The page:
Bangladesh’s bet on coal-fired power is a contentious choice for a low-lying country prone to flooding. Perhaps that was why it said it was reconsidering the 29 coal power plants in the development pipeline last year, although there were also rumours that funding from foreign backers was getting harder to find.
Like a number of energy-hungry nations in China’s Belt and Road Initiative (BRI), Bangladesh has turned to the Chinese for help. So it seemed significant when the Financial Times reported last week that Chinese officials had put in writing a refusal to fund new projects that rely on coal.
“The Chinese side shall no longer consider projects with high pollution and high energy consumption, such as coal mining [and] coal-fired power stations”, embassy staff were said to have informed Bangladesh’s finance ministry in a letter.
It isn’t clear whether the refusal is the beginning of a wider rejection of fossil-fuelled power generation in BRI projects. Yet climate campaigners will be hoping that the decision is part of a broader push for cleaner energy – triggered by Chinese President Xi Jinping’s pledge last year that China will reach carbon neutrality by 2060, with carbon emissions peaking by 2030.
Set against this promise is that the Chinese are still building new coal-fired plants at home at a frantic click, installing three times as much new capacity last year as the rest of the world combined, according to Global Energy Monitor, a non-governmental organisation based in San Francisco.
Policymakers respond that they are doing as much as they can to introduce cleaner, more efficient coal-fired plants. They are also starting to transform the country’s energy mix. At least 120GW of wind and solar generation was installed last year – nearly twice the amount completed by the United States and European Union combined. This is only the beginning of a gargantuan task, with more than half of China’s energy generation still derived from coal. The Institute of Climate Change and Sustainable Development at Tsinghua University, a well-respected think tank, reckons that the Chinese will have to spend about $20 trillion on the equivalent of three times existing global wind power capacity and four times that of solar power. That’s if China is to get its coal-focused system within touching distance of the 1.5-degree limit on global warming.
Critics say that Beijing should be trying to stop the same dependency on fossil fuels developing in other countries, where the Chinese are financing at least a quarter of the coal plants in construction, many under the auspices of the BRI.
Dirty power on the BRI also gives the Biden administration an opening to wrest back the initiative on climate change, following Xi’s shock announcement on the carbon-neutral goal at the UN General Assembly last year.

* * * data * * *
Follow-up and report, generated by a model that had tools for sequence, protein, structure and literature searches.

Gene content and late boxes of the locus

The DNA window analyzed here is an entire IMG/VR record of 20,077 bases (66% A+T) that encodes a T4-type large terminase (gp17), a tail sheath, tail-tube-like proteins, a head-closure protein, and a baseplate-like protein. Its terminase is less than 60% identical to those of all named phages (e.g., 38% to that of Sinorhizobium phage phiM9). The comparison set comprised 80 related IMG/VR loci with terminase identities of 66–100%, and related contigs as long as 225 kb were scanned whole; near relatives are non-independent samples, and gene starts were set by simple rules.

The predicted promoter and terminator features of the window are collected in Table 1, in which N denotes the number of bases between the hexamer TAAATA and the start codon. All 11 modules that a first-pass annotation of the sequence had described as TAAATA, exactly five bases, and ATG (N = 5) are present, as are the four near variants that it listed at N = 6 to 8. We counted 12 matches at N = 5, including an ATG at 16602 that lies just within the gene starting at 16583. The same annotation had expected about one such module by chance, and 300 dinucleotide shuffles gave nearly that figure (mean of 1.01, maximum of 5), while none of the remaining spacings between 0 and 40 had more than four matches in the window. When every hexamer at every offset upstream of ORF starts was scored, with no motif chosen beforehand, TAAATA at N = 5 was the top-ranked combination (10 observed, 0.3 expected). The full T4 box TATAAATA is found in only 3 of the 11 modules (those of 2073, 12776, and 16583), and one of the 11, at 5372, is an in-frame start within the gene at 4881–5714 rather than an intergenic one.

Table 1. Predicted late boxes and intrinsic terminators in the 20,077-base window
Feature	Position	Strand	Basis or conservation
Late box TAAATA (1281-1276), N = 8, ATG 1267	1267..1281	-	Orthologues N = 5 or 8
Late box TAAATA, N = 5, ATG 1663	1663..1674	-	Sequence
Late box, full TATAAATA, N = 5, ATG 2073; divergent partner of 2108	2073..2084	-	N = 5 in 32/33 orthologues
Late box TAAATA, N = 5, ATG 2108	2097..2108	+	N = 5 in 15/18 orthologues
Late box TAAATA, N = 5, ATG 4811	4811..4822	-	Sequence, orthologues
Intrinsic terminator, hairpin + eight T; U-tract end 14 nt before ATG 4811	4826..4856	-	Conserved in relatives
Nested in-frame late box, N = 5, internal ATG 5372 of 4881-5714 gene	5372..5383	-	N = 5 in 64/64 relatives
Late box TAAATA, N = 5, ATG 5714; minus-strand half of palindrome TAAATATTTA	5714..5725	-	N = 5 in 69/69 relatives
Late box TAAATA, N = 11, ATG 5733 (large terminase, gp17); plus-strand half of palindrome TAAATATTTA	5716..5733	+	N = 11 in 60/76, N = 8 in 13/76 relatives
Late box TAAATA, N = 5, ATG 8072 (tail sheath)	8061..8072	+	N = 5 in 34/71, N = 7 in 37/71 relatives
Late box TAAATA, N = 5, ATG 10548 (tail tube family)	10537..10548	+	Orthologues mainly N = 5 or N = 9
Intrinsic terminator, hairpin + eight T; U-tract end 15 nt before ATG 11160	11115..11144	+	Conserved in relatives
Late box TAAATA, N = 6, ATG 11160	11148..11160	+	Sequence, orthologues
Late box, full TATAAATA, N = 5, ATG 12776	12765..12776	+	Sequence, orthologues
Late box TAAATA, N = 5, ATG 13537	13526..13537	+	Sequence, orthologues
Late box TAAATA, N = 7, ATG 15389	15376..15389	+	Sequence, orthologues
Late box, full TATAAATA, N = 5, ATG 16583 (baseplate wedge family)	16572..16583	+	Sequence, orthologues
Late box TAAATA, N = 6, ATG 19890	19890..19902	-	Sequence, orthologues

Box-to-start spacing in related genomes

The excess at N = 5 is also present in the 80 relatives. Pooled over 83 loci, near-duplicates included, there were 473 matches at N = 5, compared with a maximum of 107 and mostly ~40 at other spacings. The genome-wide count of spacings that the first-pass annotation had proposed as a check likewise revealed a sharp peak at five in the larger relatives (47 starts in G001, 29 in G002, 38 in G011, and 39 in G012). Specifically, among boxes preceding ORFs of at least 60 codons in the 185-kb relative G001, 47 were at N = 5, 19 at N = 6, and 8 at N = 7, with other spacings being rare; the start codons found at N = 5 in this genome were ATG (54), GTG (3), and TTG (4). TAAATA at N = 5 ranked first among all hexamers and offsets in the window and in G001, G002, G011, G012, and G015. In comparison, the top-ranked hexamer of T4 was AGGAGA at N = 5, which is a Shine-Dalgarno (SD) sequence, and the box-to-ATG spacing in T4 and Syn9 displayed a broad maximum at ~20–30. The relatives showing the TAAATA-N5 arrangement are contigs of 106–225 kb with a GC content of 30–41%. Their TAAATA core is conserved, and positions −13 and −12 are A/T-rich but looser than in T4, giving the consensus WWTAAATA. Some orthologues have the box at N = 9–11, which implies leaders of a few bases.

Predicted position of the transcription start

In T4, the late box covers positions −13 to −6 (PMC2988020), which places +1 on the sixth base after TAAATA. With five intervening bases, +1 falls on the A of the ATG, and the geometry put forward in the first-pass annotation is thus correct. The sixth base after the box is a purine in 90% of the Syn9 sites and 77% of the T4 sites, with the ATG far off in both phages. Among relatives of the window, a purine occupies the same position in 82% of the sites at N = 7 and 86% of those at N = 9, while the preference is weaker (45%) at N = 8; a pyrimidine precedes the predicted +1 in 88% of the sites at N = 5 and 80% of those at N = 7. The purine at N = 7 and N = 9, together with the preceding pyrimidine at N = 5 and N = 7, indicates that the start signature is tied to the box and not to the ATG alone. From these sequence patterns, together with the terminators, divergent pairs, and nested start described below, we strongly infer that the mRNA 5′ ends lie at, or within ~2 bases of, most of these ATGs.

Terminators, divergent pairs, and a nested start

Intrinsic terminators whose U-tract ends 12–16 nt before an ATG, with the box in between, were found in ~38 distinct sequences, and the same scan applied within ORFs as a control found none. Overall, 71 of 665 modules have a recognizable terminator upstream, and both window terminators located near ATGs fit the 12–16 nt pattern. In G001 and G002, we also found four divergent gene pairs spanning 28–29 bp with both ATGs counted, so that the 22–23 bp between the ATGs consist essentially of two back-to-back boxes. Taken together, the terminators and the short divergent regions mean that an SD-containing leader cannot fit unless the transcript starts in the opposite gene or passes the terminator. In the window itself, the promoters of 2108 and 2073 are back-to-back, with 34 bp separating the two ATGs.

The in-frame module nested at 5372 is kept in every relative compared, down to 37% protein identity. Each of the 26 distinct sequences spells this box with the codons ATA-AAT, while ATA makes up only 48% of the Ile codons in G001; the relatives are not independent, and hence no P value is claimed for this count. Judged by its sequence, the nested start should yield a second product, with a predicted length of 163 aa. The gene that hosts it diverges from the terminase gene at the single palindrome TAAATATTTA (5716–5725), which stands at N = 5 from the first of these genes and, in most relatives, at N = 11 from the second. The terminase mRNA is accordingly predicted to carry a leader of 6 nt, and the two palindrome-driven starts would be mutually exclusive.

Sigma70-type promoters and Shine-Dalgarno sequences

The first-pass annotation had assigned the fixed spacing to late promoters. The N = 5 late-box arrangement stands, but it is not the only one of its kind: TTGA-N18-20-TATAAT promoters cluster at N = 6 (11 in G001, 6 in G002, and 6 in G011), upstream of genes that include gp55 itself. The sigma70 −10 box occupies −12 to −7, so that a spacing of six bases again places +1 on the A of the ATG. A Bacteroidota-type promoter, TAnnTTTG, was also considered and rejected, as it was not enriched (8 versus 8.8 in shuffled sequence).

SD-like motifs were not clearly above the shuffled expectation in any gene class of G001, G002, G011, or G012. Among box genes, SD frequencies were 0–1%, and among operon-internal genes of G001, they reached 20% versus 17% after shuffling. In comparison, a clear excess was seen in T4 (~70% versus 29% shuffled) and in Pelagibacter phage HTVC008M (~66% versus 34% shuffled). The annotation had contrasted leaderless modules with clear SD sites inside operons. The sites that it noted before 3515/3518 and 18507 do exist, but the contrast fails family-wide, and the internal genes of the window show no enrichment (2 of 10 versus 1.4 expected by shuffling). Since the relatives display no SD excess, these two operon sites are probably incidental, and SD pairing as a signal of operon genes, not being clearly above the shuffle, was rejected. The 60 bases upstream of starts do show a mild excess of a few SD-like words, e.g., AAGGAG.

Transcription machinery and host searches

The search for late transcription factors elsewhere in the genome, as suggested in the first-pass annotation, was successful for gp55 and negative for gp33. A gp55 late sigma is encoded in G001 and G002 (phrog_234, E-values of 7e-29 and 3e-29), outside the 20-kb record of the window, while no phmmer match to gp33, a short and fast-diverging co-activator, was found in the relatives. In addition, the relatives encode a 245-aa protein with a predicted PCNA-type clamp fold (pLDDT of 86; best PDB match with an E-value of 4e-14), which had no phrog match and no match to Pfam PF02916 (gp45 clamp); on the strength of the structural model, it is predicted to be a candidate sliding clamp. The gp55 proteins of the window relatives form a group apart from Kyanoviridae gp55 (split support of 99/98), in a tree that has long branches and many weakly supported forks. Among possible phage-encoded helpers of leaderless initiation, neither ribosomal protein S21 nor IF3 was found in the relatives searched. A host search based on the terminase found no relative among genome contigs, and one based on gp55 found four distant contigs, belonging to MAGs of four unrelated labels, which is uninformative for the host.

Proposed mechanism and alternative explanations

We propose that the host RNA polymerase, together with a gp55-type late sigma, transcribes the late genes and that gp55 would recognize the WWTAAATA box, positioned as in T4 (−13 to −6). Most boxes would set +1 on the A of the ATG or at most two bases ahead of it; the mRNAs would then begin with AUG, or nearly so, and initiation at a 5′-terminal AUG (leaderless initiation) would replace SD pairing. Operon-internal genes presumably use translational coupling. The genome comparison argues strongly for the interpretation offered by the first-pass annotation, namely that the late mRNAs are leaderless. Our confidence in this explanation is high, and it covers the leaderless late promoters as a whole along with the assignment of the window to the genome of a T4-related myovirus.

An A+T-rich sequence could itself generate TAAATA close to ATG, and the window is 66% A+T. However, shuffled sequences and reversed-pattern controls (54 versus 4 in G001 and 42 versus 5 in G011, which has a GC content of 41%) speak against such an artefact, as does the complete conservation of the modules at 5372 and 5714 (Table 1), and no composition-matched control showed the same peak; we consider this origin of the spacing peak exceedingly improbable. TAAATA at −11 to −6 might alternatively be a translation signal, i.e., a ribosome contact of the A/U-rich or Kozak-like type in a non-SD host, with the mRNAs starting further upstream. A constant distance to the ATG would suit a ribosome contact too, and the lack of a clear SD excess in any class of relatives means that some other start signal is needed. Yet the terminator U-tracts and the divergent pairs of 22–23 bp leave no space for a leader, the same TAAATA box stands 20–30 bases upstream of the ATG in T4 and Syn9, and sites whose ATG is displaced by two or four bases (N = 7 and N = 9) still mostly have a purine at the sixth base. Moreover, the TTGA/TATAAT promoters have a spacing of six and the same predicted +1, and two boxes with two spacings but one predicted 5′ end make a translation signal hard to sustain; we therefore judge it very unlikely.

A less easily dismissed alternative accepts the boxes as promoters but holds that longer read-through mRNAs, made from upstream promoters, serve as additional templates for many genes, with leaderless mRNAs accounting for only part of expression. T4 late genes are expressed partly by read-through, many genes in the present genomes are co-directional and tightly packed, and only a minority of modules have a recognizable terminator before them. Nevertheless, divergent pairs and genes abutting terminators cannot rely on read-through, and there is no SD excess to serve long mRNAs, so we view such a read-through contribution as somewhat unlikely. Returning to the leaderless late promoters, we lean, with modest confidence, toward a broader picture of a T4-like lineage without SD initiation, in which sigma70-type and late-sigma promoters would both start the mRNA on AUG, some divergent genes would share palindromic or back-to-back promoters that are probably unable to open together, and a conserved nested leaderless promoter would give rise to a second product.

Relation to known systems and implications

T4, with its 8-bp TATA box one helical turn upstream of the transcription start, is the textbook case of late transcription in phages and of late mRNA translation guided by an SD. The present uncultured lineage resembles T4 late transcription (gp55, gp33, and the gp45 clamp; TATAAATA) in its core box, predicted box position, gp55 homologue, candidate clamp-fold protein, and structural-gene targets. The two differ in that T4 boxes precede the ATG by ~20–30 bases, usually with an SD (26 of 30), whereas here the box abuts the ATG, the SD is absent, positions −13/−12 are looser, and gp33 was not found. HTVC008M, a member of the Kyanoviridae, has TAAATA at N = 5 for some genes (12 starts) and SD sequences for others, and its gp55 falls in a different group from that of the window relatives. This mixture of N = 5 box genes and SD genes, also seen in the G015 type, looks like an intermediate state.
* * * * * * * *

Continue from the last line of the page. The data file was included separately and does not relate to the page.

Biden has said that the US will rejoin the Paris Climate Accord this year and the US president has a track record of taking aim at the BRI, calling for a “united front of nations to hold China accountable to high international standards” in its loans to other countries.
He also warned during his presidential campaign that he would be pushing other countries to go beyond their initial commitments to lower emissions. “This is especially true for China, by far the world’s largest emitter of carbon,” Biden insisted. “We will not only hold their leaders accountable for reducing carbon output at home, but make sure they stop financing billions of dollars of dirty fossil fuel projects all across Asia,” he added.
One of the ideas in circulation is some kind of carbon border tax that penalises exporters from nations that aren’t doing more to fight climate change. But the danger is that a more combative approach sparks a new round of clashes between the two governments, when climate change can’t be countered without close collaboration between them.
Some friction seems inevitable, not least when the Chinese are conflicted internally in how to reduce their reliance on dirty energy, as different agencies and ministries battle for their say.
That was apparent again with the release of a study last December by the Ministry of Ecology and the Environment, co-authored with six international NGOs. The plan to monitor BRI lending more closely carried suggestions for a system that waves through loans for greener projects but takes a longer look at lending for energy generation, petrochemicals, and metals and mining.
It is too early to tell whether it will get traction with key departments like the Ministry of Commerce and the NDRC, however.
On the face of it China’s central government would seem to have the whip hand in driving policy in regard to carbon neutrality goals – given the majority of coal-related projects are financed, developed and operated by state-owned firms.
But efforts to cut back on fossil fuels also trigger turf wars with the coal producers and the older-style power stations. Provincial economies that rely on coal mining are resistant too – so too the local bureaucrats that have built their careers on coal-fired power generation.
Greater spending on coal-fired power is still tempting for decision-makers closer to the heart of government too, especially as a way of juicing up GDP in the shorter term in the wake of the Covid-19 pandemic. Lauri Myllyvirta of the Centre for Research on Energy and Clean Air reckons that the Chinese power sector already had a significant surplus in coal-fired capacity in 2019, with the average plant operating at just under half of its potential. Yet more such power stations are still being added each year.
Ironically Chinese officials may have a better chance of blocking coal-fired plants in Bangladesh than they do at home.
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